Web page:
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March 29, 2014 | By Carren Jao
Fredda Weiss used to tell people visiting her Mandeville Canyon cottage for the first time to watch for the house "that looks like the seven dwarfs live there. " Weiss' 1950s home was warm and inviting - but also a little dark and dated. So after three decades of living in the 2,283-square-foot cottage, Weiss decided to give her storybook home a happy ending. And she had just the architect in mind: Zoltan Pali. "If I was going to do this house, he was going to be my architect," Weiss says.
November 16, 2003 | Gayle Pollard-Terry, Times Staff Writer
As flames climbed the San Bernardino Mountains heading toward his "beautiful little cottage" in Running Springs, Jeffrey Harper got on a plane. Uncertain of the status of his first home and its pending sale to a firefighter, the flight attendant said then, "I can't just sit here. Even if they get the fire out, or it goes around, those highways won't be open for a long time.... I need to get away from it because there's nothing I can do." Harper lucked out.
August 9, 1992
Who ever expected a story in the Real Estate section to bring me to tears? Helena Ragan's "Speaking Out" on her wonderful El Sereno "cottage of memories" accomplished just that. Helena spoke, in such a splendid voice, of what we all long for in a house whether an El Sereno Cape Cod or a Granada Hills ranch--a home. A place to sink roots, add rooms, raise families, make memories and enjoy the passage of time. SHELLY POLLACK Santa Monica
June 5, 2011 | Mary Forgione
New York banker Frank Vanderlip was so captivated by the Palos Verdes Peninsula that he formed a syndicate of millionaires to buy up 16,000 acres of one of the original California ranchos in 1913 -- sight unseen. The idea was to develop exclusive residences at Portuguese Bend with a country club, golf course, tennis courts, polo grounds and other luxurious touches on a coastline he knew was ripe for development. Vanderlip had another, more personal vision too. He felt that a hilltop at Portuguese Bend, which reminded him of the Italian coast, would be the perfect spot to build an estate for his family, one that would be copied from an ancient Roman villa.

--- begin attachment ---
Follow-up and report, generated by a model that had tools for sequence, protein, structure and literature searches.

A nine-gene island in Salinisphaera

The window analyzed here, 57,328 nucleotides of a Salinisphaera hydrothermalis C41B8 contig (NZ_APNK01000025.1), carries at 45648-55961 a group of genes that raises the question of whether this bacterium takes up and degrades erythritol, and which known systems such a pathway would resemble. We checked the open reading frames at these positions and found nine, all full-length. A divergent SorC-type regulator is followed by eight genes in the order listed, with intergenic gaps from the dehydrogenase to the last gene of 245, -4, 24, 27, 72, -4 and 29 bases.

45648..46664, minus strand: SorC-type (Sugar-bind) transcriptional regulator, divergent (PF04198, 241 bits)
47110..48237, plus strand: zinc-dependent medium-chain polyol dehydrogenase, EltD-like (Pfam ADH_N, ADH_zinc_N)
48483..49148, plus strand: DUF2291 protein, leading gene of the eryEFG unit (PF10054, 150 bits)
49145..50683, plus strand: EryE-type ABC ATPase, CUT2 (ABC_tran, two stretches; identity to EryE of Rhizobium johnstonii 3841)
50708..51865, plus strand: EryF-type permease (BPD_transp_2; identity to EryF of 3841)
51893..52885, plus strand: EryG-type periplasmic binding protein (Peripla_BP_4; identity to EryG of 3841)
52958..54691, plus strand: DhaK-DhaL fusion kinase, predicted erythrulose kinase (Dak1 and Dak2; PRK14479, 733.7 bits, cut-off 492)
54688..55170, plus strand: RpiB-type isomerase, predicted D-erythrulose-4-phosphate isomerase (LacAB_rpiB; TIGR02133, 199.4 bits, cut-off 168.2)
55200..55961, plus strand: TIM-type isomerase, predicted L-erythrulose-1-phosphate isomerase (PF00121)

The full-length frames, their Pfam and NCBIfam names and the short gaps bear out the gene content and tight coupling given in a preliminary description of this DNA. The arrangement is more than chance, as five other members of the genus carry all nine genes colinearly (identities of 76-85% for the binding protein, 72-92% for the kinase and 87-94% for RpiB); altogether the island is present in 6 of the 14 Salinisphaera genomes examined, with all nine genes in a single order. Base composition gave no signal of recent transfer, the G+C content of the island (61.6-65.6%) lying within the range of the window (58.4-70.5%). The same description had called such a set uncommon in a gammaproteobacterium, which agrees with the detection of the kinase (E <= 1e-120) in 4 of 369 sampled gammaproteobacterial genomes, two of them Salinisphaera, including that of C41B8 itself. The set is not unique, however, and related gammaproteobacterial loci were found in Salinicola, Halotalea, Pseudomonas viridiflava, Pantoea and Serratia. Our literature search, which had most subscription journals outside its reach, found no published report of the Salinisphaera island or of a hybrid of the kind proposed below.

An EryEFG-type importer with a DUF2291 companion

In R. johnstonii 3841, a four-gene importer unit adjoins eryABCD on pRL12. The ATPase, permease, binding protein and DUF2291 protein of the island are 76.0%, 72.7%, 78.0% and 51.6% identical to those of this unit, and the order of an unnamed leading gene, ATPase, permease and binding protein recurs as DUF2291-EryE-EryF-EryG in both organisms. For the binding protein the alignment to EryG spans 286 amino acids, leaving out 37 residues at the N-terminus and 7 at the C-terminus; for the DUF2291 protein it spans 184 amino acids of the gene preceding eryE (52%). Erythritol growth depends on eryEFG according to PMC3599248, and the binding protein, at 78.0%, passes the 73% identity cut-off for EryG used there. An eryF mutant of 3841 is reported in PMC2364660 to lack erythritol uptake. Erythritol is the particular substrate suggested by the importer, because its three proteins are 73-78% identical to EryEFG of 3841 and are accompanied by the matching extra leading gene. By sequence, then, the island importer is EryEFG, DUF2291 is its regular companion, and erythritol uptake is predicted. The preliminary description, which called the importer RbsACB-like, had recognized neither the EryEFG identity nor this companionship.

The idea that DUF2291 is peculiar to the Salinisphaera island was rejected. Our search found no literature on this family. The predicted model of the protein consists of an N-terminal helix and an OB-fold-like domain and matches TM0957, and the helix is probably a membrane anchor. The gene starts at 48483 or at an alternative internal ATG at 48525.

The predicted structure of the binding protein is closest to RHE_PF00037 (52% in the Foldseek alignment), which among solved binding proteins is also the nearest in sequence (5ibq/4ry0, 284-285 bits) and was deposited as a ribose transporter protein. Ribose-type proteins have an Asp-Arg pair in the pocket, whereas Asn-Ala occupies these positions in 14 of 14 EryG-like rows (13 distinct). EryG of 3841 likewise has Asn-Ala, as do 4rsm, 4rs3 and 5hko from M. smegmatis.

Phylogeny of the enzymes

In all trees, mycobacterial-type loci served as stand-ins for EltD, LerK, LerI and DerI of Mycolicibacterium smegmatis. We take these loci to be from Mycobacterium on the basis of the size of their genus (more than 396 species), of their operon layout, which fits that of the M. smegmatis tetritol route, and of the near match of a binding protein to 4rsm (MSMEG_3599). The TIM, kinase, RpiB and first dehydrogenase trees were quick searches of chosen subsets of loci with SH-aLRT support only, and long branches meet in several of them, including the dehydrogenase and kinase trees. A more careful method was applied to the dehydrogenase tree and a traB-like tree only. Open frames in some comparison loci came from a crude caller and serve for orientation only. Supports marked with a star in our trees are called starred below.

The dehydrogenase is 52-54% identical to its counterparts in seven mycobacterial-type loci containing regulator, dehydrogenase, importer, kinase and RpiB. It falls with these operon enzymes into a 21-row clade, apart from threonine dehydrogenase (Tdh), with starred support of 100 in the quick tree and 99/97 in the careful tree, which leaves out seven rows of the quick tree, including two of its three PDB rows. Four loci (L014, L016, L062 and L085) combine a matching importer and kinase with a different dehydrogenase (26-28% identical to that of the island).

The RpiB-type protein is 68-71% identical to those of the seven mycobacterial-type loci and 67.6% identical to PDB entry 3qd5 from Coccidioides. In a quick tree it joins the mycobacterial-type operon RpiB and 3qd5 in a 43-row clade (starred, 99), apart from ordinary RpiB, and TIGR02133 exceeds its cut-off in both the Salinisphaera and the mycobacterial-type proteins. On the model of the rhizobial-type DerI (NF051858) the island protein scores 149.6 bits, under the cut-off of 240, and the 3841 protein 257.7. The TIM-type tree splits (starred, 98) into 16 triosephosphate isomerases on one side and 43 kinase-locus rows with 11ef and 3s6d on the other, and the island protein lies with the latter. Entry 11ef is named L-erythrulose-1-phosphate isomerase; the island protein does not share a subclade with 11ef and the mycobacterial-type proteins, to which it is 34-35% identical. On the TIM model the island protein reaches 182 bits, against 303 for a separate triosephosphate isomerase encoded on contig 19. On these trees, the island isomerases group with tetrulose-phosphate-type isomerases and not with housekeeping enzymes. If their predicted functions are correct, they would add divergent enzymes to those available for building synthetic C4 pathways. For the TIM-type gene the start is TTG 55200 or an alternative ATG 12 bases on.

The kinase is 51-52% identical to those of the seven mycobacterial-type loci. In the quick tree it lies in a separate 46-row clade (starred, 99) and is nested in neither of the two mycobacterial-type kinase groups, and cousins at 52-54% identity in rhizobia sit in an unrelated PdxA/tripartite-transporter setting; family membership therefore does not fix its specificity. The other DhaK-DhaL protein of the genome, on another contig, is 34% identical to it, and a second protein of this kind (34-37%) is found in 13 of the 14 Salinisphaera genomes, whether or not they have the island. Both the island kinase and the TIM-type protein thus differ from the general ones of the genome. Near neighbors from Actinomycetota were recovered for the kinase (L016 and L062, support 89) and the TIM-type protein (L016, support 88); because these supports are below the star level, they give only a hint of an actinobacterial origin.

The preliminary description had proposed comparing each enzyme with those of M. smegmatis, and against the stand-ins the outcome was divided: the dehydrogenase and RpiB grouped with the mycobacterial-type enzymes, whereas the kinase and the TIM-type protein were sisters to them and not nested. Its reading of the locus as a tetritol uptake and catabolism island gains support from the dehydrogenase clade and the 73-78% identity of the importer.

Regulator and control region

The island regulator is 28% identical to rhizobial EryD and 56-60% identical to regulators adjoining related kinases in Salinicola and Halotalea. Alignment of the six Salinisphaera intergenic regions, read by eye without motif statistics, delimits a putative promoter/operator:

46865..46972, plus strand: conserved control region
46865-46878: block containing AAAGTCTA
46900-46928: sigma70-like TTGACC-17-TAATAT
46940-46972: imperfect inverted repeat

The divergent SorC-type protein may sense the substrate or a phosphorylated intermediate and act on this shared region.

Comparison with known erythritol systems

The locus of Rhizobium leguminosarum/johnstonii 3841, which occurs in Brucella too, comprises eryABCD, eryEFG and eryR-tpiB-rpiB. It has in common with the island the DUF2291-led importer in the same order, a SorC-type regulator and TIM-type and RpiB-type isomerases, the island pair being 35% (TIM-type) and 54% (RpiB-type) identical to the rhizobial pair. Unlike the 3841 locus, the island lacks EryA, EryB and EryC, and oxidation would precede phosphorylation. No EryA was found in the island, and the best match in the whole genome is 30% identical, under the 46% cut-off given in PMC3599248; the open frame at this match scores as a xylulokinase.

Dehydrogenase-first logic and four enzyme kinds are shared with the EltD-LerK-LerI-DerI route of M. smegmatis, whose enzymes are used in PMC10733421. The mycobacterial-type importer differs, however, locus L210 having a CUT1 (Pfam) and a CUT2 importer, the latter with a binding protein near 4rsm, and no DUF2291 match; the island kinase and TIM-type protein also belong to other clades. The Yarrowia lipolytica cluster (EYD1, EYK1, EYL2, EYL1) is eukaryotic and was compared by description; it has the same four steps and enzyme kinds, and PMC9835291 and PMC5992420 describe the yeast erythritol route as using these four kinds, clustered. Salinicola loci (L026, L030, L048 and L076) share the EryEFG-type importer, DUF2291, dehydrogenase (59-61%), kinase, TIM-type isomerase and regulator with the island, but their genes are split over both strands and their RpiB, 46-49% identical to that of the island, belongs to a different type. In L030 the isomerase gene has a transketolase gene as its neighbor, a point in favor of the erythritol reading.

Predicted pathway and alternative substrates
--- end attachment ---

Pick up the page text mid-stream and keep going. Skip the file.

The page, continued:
October 3, 2009 | Paul Young
Venice is home to a lot of extravagant architecture, whether it's Frank Gehry's playful deconstructions or Franklin Israel's experiments in postmodern collage. Yet even in such environs, Robert Choeff and Krystyan Keck's home on Cabrillo Avenue stands out. "We definitely have more than our share of gawkers," Keck says. "But it's sort of nice to be a celebrity in the neighborhood." The residence looks like two houses stacked on top of each other, largely because it is. The bottom is a 1913 cottage, the top a translucent modernist box. One almost expects to see Dorothy inside this bit of Oz. "We get a lot of cyclists stopping to take pictures," Choeff says, adding that the only criticism he's heard came from one guy who declared, "That's weird ."
February 7, 2011 | By Lauren Beale, Los Angeles Times
A Bel-Air house that actress and singer Judy Garland once called home has come on the market at $5.5 million. The 1938 two-story house, with dormer windows and white columns set against a red-brick clad veranda, was designed by Wallace Neff for Garland and her mother, who lived there until the early 1940s, according to the Movieland Directory. On more than 2.5 acres, the 5,500-square-foot house has five bedrooms and 61/2 bathrooms. A swimming pool, cabanas and a writer's cottage sit in the backyard.
July 10, 1994 | I. HERBERT GORDON, Gordon is a New York City-based free-lance writer
It was early morning. Cool and damp. I was fanning a turf fire in a fireplace that had been kitchen stove and central heating before the Irish cottage, where my wife, our twin teen-age daughters and I were staying, had been modernized. Suddenly there came a heavy knocking on the sturdy wooden front door. Glancing out the window I saw an elderly man who I supposed to be a motorist in trouble and seeking a telephone in this barren region, where the next phone may be 10 miles away. Edging through a closet-sized foyer bulging with coats and dirty Wellingtons, I pulled the door open.
July 21, 2012 | By Jessica Gelt, Los Angeles Times
The first dish served on Miles Thompson's five-course tasting menu during the Vagrancy Project's residency at Allston Yacht Club on a recent Monday was called "Oyster. " But it was so much more. The 24-year-old chef had encased a raw oyster inside a translucent oval of rosy kimchi gelée and placed it on top of a bed of crushed dashi gelée redolent of fish and earthy soy sauce. He then added a soft, pink mound of pied de cochon , a few rounds of pickled radish, some crunchy agretti and slender scallion slices.
May 12, 2011 | By Valerie J. Nelson, Los Angeles Times
Built in 1859, the simple cottage in the scenic Gold Rush town of Sutter Creek wasn't even on the market in 1966 when Jane Way persuaded the owner to sell it. Way bought it "on a whim," she later said, during "an all-time low in my life. " "My son had been killed in an accident, my husband had split, my health was terrible — I'd had cancer twice," she told the San Francisco Chronicle in 1999. Seeking to reinvent her life, Way turned the property into the Sutter Creek Inn, an early bed and breakfast in the West that served as a prototype for many that followed, according to travel guidebooks.
April 2, 1989 | GARY ROSENBERGER, United Press International
A cottage with a stone chimney is the only tangible evidence of Dorothy Richards' 50-year affair with the once-rare beavers of the southwestern Adirondack Mountains, and the legacy she left behind is threatened. Richards came to be known as the Beaver Woman, and before her death in 1985, beavers trundled about her cottage. Some of the animals lived indoors and gnawed on the doors and furniture.
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